Prof. Lin: I agree with Dr. Ma. The induction chemotherapy followed by CCRT is one of the standard treatments for locoregionally advanced NPC in recent years.
TRO: Are there any disadvantages of TPF?
Prof. Ma: The main disadvantage of TPF induction chemotherapy is the toxicity, especially the neutropenia. In our trials, about 45% of patients experienced grade 3–4 adverse events. Grade 3 or 4 neutropenia occurred in 35% of patients, followed by leucopenia (27%), diarrhea (8%), and stomatitis (6%); 2% of patients experienced neutropenic fever. One patient died of septic shock due to grade 4 neutropenia and lack of timely medical care. However, the toxicity of TPF is generally manageable and acceptable, and I consider that TPF induction chemotherapy is safe under close follow-up and timely medical care.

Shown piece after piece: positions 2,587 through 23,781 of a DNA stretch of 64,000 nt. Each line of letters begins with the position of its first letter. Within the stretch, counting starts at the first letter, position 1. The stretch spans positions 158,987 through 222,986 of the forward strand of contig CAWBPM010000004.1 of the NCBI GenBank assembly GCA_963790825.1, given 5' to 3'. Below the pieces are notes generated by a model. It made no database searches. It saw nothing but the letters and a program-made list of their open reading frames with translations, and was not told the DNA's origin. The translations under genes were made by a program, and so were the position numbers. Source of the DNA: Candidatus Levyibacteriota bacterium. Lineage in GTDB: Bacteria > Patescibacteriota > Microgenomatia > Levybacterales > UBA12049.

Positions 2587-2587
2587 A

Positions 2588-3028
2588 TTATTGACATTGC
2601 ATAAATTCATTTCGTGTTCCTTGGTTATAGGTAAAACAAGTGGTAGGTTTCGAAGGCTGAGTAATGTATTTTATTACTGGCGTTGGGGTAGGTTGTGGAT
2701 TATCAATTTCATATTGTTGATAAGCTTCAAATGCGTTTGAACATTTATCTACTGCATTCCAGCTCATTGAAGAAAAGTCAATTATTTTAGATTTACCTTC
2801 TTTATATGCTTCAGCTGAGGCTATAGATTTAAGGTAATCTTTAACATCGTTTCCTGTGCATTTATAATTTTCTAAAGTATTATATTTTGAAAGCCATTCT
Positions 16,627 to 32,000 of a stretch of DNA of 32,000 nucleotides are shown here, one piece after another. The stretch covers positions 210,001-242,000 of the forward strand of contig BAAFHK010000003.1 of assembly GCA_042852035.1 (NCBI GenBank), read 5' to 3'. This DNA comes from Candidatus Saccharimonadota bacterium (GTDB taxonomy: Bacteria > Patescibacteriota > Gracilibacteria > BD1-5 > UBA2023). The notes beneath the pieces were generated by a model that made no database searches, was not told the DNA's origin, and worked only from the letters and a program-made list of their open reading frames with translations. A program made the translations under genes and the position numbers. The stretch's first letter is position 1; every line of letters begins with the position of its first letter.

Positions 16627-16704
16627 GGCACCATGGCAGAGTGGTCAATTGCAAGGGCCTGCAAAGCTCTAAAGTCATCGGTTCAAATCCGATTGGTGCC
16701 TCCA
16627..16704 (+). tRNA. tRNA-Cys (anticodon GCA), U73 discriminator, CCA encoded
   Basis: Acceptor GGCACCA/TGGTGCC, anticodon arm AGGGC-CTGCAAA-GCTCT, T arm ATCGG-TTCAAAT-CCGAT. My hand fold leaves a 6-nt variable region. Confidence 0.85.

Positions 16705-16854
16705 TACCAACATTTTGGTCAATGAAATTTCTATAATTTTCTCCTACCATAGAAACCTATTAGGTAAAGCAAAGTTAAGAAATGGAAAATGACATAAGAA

Prof. Lin: Basically, I share the same view with Prof. Ma. TPF is a very effective and manageable toxin treatment. Compared to other kinds of chemotherapy, higher symptoms like leucopenia may occur but TPF is still a manageable treatment. In the future trials, I suggest using different kinds of combination chemotherapy. It may show a similar effect but with less toxicity.
TRO: You and your team had spent 7 years on the clinical trial of TPF induction chemotherapy in nasopharyngeal carcinoma. Have you and your team met any unforgettable frustrations or difficulties?